A number of design attributes and requirements are to be addressed. The outcome sought is obviously one in which end user benefits are identified at a cost which is acceptable. The challenge to reduce cost per bit will however remain. New approaches are needed in addition to continued efforts on simplification, energy efficiency and automation. End to end intelligent system automation, visibility / traceability, and efficient management are needed targeting sustainable and flexible deployment and simplified operation. New paradigms are needed to address traffic growth, extreme requirements (such as immersive, critical, massive, native), capacity needs, minimisation of added complexity, and the alternatives to densification, considering the practical limits of wide-area mobile systems. Service versatility must be provided where and when applicable and relevant; all capabilities may not be concurrent or provided simultaneously. In addition, the use cases with extreme requirements are expected to be enabled where and when needed by the befitting solution and access mechanism. There must be flexibility to make trade-offs for deployment. In co-existence and potential concurrence of services such as those related to communication, computing, sensing and AI, there is a need to consider efficient optimisation of resources and interactions, in addition to privacy, data protection, data ownership and sensitivity, local-offload trade-offs, power constraints and energy efficiency. Moreover, 6G should be designed with novel services and devices, which can validate and accelerate the necessity of future mobile networks for the end users. Finally, 6G should also be engineered to help operators meet the net-zero objectives that many of them have committed to, among other environmental sustainability targets.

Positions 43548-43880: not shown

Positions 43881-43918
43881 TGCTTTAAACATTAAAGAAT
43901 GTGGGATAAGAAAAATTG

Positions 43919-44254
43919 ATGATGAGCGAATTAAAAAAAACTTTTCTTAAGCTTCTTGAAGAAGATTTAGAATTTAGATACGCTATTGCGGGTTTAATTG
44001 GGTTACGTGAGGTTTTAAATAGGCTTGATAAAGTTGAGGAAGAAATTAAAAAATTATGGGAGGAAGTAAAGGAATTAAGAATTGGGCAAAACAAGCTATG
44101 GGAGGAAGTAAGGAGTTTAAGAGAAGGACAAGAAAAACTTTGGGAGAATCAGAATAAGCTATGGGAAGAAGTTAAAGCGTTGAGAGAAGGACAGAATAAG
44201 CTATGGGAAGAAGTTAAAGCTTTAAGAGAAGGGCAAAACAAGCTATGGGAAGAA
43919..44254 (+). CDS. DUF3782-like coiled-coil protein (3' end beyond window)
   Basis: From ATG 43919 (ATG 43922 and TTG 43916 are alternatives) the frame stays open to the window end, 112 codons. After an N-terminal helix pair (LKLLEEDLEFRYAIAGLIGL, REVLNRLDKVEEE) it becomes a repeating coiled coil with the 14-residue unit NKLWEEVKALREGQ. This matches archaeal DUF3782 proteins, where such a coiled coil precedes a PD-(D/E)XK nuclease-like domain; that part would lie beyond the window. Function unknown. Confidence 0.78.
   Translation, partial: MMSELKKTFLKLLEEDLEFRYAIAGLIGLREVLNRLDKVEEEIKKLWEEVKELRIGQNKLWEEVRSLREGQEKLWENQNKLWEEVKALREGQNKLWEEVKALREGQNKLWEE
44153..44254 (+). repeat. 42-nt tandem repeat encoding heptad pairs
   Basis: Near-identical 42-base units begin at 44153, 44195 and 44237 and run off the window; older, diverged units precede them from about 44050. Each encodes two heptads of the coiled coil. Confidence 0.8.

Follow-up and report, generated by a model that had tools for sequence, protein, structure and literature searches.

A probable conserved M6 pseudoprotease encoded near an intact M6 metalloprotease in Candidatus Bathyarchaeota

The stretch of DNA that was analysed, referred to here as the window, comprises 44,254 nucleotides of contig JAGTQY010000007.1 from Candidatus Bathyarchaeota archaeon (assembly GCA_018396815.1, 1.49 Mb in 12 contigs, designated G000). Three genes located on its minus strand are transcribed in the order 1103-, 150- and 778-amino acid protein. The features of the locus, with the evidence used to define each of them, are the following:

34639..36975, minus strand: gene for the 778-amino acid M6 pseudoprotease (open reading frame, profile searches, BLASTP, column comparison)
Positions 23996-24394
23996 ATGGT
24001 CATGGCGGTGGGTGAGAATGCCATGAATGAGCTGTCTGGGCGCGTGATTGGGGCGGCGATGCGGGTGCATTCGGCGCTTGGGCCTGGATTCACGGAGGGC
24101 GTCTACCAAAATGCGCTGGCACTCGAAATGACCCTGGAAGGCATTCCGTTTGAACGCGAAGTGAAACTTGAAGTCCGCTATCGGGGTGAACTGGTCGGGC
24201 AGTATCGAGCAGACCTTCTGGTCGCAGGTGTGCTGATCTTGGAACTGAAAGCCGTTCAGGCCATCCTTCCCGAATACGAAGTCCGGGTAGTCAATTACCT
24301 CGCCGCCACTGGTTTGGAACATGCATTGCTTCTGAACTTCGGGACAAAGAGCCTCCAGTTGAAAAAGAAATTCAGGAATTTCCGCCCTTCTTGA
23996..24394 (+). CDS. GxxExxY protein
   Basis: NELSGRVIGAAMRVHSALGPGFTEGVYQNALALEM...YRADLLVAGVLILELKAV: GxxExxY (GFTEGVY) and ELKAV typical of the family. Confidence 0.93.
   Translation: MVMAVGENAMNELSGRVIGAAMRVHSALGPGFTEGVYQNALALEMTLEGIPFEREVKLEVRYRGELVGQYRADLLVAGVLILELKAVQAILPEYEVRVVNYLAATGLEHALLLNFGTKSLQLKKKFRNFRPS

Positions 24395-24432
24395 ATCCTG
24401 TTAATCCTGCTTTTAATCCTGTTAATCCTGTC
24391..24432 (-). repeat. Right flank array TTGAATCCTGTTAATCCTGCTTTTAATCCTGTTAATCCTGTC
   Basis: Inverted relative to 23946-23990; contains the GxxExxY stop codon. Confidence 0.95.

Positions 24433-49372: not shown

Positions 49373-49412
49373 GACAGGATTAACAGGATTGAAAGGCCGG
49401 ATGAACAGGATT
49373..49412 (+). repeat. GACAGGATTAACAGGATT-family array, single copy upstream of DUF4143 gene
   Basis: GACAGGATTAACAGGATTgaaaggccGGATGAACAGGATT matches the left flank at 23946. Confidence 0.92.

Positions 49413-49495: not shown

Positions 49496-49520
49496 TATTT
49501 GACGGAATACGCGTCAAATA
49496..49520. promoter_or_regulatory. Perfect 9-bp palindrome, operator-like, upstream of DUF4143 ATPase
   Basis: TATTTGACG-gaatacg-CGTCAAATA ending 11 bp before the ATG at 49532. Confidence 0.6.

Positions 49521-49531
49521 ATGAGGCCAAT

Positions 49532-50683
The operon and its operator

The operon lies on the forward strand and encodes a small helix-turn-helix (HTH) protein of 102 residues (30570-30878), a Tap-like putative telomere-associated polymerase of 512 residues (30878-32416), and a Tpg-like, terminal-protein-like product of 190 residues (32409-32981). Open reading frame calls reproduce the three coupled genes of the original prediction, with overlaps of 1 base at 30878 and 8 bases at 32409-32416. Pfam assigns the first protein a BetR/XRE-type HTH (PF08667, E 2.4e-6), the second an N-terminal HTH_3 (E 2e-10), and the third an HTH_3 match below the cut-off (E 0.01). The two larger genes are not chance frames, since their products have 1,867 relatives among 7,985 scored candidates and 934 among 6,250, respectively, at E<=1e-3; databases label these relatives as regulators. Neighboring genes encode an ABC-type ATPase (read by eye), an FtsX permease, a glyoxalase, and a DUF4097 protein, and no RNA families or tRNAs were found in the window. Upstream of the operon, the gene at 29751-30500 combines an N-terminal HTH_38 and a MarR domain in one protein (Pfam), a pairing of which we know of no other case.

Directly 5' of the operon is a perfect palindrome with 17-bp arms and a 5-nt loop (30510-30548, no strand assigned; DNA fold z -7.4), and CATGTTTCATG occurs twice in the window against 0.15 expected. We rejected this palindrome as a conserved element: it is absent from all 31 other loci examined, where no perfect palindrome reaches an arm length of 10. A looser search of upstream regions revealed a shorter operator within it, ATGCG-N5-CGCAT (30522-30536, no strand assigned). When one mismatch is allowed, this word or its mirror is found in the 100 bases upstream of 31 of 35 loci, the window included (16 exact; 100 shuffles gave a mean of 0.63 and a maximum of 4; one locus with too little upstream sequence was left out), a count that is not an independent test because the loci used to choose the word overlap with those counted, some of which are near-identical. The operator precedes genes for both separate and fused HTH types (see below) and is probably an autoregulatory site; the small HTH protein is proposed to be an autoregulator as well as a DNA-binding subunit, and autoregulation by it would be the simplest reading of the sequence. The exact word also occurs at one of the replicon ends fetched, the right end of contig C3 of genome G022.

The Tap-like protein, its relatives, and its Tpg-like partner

The 6G system is expected to be built upon the features and capabilities introduced with 5G, alongside new capabilities, to deliver new services and value. The essential needs are particularly directed towards building networks that deliver digital inclusion, that are environmentally and economically sustainable, that reduce complexity, address traffic growth, and enable new services through additional features that are complementary to mobile networks. 

The views of the NGMN indicate that for a fundamental change to take place there must be significant benefits that justify the cost and complexity in technology migration. In any migration to 6G the transition should be carefully considered to ensure that 5G networks are not compromised, and that the features provided by 6G provide end-user value through the addition of new features or the ability to reduce operational cost and subsequently affordability.

A healthy global ecosystem, including interdisciplinary research and innovations, and global standardisation, will be essential to address the drivers of 6G, along with design requirements on a graceful path.

Related Posts